“A liberal Medical Termination of Pregnancy Act was passed in India 48 years ago, in 1971. It has stayed in a “time warp” since, ignoring the advancement in medical technology. It is time, now more than ever, to amend the MTP Act, make it women centred, rights based and contemporary so that women in India can safeguard their health and exercise their sexual and reproductive rights”, VS Chandrashekar, CEO, FRHS India.

This week the Pratigya Secretariat is using the Facebook and Twitter handles: @PratigyaRights and @RightsPratigya to track how the Act came into being, when it came into being and how it has stagnated. We are also showcasing quotes from our Campaign Advisory Group members.

#TimeforChange #48yearsofMTP

The Medical Termination of Pregnancy Act (MTP) was passed by the parliament on August 10, 1971 to allow abortion up to 20 weeks under certain conditions. Prior to the MTP Act, induced abortion was a criminal offence under Sections 312-316 of the Indian Penal Code (IPC) except when the continuation of pregnancy put the woman’s life in danger.

After the MTP Act came into force, the conditions under which abortions were permitted were quite liberal and it was touted as a historic day for women’s health. However, since that day not much has changed, despite advancement in technologies and the changing abortion landscape in India.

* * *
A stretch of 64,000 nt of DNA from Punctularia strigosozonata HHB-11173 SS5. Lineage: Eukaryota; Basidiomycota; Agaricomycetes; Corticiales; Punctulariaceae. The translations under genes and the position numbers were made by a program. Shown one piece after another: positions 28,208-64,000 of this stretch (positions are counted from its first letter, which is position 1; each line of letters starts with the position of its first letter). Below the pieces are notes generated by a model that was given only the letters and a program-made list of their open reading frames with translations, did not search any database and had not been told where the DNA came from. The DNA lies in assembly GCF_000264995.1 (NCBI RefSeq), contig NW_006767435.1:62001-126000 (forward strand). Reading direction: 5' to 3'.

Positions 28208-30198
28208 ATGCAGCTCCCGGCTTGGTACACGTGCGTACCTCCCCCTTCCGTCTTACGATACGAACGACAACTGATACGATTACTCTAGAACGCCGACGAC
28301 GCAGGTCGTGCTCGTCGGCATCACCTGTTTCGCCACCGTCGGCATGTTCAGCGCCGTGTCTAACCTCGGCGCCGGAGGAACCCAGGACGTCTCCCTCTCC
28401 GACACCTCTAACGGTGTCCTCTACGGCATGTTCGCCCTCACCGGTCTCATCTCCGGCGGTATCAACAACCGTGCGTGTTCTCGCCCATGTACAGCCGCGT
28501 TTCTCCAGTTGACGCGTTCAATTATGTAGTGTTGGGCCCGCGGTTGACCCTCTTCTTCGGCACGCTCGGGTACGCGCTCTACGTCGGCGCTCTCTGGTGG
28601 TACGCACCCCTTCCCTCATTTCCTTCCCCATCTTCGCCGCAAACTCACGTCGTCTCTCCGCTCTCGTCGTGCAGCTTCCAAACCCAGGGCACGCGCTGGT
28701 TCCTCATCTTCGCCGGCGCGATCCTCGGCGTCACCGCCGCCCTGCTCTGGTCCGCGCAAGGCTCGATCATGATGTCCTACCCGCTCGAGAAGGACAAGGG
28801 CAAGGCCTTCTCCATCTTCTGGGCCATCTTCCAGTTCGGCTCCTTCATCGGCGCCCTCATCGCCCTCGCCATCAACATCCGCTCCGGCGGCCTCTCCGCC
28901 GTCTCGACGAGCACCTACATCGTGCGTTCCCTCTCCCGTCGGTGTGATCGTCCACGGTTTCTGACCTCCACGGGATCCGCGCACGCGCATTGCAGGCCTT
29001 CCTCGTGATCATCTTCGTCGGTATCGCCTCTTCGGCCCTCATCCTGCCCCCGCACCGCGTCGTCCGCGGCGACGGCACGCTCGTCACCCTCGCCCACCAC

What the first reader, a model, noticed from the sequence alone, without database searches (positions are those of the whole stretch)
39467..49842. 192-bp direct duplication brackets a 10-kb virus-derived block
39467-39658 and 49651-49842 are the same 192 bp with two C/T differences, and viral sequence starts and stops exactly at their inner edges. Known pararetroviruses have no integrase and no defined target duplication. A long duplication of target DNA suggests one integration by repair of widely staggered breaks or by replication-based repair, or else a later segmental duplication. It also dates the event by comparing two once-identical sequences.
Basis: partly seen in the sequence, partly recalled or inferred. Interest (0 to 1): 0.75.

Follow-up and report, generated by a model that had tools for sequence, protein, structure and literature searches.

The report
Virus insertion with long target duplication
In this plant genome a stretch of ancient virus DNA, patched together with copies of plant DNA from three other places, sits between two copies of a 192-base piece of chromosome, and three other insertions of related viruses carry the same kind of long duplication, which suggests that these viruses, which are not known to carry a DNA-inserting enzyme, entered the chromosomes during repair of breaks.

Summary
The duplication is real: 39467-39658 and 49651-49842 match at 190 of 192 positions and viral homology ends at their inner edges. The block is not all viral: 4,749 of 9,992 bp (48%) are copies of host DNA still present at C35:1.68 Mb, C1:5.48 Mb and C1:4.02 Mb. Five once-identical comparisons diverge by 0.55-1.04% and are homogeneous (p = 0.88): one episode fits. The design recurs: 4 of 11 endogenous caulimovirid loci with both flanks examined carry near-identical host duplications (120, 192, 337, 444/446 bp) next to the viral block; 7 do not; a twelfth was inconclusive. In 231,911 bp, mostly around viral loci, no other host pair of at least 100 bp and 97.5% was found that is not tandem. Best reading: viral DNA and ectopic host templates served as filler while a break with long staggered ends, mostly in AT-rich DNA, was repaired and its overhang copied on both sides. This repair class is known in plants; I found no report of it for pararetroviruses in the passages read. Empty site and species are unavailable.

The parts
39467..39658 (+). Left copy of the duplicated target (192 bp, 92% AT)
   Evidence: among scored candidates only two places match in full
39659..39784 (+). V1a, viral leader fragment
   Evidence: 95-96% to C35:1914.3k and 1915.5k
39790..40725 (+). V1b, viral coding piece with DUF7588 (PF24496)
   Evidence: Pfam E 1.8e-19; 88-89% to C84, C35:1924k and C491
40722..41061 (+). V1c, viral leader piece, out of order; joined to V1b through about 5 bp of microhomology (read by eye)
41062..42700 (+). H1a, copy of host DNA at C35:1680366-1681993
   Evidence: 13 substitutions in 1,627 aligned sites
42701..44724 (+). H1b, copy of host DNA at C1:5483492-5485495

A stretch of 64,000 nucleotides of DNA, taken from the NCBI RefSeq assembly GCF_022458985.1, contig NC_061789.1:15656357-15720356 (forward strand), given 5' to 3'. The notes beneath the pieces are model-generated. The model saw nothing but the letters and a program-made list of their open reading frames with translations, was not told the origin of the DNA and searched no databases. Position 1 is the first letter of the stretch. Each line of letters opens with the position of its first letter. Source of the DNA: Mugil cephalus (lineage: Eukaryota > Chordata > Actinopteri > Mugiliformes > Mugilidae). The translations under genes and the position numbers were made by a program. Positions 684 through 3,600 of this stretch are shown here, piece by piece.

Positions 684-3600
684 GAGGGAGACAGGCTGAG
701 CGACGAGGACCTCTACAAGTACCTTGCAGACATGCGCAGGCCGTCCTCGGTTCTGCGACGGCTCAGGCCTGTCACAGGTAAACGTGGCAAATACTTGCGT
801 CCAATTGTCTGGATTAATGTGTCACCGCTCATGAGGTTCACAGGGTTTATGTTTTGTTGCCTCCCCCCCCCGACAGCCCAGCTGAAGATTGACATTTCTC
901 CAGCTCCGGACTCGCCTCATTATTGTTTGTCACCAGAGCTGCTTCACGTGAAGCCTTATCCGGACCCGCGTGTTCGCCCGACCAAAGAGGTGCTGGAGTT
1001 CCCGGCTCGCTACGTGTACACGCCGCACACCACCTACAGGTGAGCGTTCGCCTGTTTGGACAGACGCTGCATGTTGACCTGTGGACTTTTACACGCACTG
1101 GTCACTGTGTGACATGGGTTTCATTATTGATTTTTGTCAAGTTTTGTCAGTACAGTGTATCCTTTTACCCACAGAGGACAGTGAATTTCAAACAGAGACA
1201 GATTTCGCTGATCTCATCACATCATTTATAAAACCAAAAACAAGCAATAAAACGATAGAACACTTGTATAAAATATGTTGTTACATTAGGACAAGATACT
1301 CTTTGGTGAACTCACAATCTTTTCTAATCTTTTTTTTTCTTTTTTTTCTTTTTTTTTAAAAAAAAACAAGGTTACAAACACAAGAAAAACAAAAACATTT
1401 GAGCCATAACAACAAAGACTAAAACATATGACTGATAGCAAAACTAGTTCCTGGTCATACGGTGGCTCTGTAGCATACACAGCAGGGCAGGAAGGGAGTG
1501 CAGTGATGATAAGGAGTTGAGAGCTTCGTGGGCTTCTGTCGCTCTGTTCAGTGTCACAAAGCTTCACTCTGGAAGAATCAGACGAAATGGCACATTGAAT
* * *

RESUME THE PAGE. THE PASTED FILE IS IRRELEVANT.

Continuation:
In 2014, the Government of India released the draft MTP amendment bill to do the following:

  • Allow first trimester abortion on demand (a right)
  • Expand provider base to include qualified and trained nurses and indigenous system of medicine providers to provide first trimester abortions
  • Permit failure of contraceptives as a ground for all women, not just married women
  • Increase the gestation limit to 24 weeks for fetal abnormalities and rape
  • The bill, if passed can bring much needed reform, however it is yet to be placed in Parliament. Through the week-long social media campaign, Pratigya Campaign is tracking the timeline and drawing attention to the MTP Act and how amendments can breathe fresh life into the outdated Act.

You can follow this week’s Pratigya Campaign via the Facebook and Twitter channels: @PratigyaRights and @RightsPratigya respectively. They are also using the hashtags: #VoiceforChoice #PratigyaRights #TimeforChange and #48yearsofMTP.